How to Play Easy Chord Shapes Up The Neck Lesson on JustinGuitar

View the full lesson at How to Play Easy Chord Shapes Up The Neck | JustinGuitar

1 Like

Man, how could you not mention “End of the line” as an example of moving D-shapes? : )
Cheers!

1 Like

Really awesome lesson! Super fun and really helped me focus back on exploring and enjoying new sounds on the guitar. Definitely worth every minute and a great pairing the the “lush chords” lesson from a while back. Thanks for this type of lesson and can’t wait for more in the future.

1 Like

Great lesson, some beautiful sounds there. Looking forward to the next one. Cheers!

1 Like

The opening riff from Fluffhead by Phish is moving the C-shape up and down the neck and G barre chord at the end. Just figured it out after this lesson! Highly recommend

1 Like

D-shapes and triads … End of the Line by The Traveling Wilburys | JustinGuitar.com

Cheers :blush:
| Richard_close2u | JustinGuitar Official Guide & Moderator

C7 can be moved up the neck too.

1 Like

Wow Justin! I am working on 3 issues simultaneously: 1) memorizing the notes all along the fretboard, 2) the Caged system, and now this wonderful lesson! I can play many songs thank to your lessons, but now I feel that I was confined to the freys 1 to 5, and now a whole universe opens its doors to me! Thank you!!!

3 Likes

I really want to learn, but having some difficulties in my mind

1 Like

Unbelievable!..I’ve just had one of those moments where something ‘clicks’ and you get a bit excited.
I’ve been working on a nice acoustic track from my younger days and the tabs online were a little out.
There’s a fast chord change at the end of the bridge {D A G F GGG}
I’ve just moved the F up 2 frets and…perfect!
BTW - it’s ‘Fine Time’ by Cast.
Sounds great through a decent acoustic and amp. Cast - Fine Time - Live on Radio City Talk - YouTube

Thank you so much for this lesson {and all others} :blush: :guitar:

1 Like

I’ve just remembered an excellent example of moving chords…
‘Clues’ by Paul Weller. The ‘Days of Speed’ live version is so good.
The chord is a Dsus2 and it starts moving around at 1m 53s {with a great walking bass}
Stunning acoustic sound! :blush::guitar: Paul Weller - Clues - Later Live - BBC2 - Friday 5th October 2001 - YouTube

1 Like

Teacher…if you can move around the C shape by adding little finger it’s probably because you always can have the 5th… Doesn’t It work the same with G? I mean if I move around the Big Rock G shape I’m adding the 5th and sounds quite allright to my ear. Does It make sense?

1 Like

Really useful, thanks Justin
I have a really really classic blues / gospel example of moving the G chord
It’s Mississpppi john Hurt doing You Got to Walk that Lonesome Valley
The sound brings this ethereal other-worldly quality to a three chord song. it’s just amazing. here he is singing and playing it in about 1964 Mississippi John Hurt - You Got To Walk That Lonesome Valley (Live) - YouTube

1 Like

This is getting better and better, thank you Justin! After the last lessons here, I definitely need to add more practice time to my routine to learn all these variations I was still unaware off, it’s lesson after lesson after lesson with things I’ve never heard of before … . After 2.5 yrs, I can say I see/hear progress and it’s all coming together, but these lessons here are a kind of booster for me. Now I just need to check to rearrange my time slots … .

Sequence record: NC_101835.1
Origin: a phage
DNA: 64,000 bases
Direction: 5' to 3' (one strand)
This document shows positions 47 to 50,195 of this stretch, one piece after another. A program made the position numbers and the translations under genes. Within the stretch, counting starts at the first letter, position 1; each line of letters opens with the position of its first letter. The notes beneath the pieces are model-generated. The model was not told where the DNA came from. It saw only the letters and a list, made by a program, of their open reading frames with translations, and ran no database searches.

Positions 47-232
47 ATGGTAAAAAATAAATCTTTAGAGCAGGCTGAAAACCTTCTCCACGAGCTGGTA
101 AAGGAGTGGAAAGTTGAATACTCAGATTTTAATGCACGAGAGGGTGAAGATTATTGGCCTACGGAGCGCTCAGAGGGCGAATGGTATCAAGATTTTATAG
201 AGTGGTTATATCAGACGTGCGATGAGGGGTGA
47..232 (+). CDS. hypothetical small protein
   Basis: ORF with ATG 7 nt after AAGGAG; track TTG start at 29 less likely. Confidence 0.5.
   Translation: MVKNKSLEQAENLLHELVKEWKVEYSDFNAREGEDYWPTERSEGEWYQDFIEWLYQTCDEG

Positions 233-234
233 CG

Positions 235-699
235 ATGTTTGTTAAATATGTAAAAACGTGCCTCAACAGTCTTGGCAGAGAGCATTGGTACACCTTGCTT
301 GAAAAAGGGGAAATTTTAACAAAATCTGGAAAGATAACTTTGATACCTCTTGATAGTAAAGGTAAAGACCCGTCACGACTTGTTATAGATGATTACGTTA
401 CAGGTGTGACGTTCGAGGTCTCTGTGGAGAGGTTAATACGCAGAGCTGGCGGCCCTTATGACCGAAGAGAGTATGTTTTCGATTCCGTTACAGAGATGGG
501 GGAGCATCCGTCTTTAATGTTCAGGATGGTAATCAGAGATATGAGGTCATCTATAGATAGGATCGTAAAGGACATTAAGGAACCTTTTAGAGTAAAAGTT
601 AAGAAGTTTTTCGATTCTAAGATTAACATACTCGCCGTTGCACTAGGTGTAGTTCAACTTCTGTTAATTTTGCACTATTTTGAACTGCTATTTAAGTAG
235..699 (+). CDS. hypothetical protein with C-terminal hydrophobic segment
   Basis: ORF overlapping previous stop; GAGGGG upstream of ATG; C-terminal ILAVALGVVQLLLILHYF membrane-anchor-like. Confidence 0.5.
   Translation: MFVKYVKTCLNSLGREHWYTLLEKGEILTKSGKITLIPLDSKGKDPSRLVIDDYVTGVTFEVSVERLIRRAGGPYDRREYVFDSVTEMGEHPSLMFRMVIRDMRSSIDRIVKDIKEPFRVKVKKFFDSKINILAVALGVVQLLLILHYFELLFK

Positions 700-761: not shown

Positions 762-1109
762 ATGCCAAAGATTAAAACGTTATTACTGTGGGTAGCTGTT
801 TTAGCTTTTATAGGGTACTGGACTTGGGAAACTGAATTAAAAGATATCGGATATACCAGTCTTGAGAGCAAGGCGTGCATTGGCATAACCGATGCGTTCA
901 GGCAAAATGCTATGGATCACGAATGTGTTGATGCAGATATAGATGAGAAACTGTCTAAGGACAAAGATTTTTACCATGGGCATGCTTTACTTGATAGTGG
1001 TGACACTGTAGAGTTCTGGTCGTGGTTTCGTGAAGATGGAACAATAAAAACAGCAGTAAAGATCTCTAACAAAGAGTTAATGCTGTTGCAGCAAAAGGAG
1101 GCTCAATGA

1 Like

Slowly slowly I seam to be understanding music, brilliant lesson

1 Like

As you find new chords how do you know what the new chord is called. If it starts with a chord shape, move that shape seven frets what then is that new chords name.

1 Like

Hi there and welcome to Community. If you move C shape chord down to 7th fret assuming you only play fretted notes it’s Gb. Now Gb chord consists of notes:

Gb Bb Db

So you can’t play any open strings unless you tune down your guitar half a step and play the C shape on 8th fret.

I suggest doing a Practical Music Theory course by Justin this should clear some waters :slight_smile:

1 Like

Hello @jnretired and welcome to the community.

Knowing what the root note is gives you the most important information.
You can use the Note Circle to help. The Note Circle | JustinGuitar.com

Take the C major and move it up 7 frets. Look at the Note Circle. Count 7 notes clockwise from C and you land on the note G. Your chord is a type of G chord. Perhaps a G major or perhaps the open strings mean its name is not so simple. Without some theory this can become complex - and, if you’re just enjoying what it sounds like, unnecessary at that moment.
But, for sure, take the theory course if these questions naturally come to mind.

Cheers :blush:
| Richard_close2u | JustinGuitar Official Guide & Moderator

Feel free to pop in to the Community Hub and introduce yourself there. Community Hub - JustinGuitar Community

The song “Plateau” by the Meat Puppets (or Nirvana Unplugged if you wish) does use the G shape. Although I don’t feel they strum all the strings.

1 Like

Great lesson!

If you combine it with a bit of theory, it gets pretty cool as well.

For example the drone thingy with the A-Shape. The 3 major chords in the key of A are : A, D, E. Playing the D & E substitute over an A drone is kind of playing a IV & V chords, right?

Pushing it further, I suppose even the B substitue (which had the particular flavor in the video) could work in some context.

Like A → B (A drone) → E (A Drone). A, B & E are the 3 major chords of E Major. And, with a focus on the A (thanks to the drone effect), I suppose it’d give the progression… a Lydian flavor **

** With Lydian flavor, I mean : the flavor a chord progression might get if you focus strongly on the IV chord of the major scale, while making it clear that is is the IV chord; for example by occasionaly playing the V chord or iii chord.

1 Like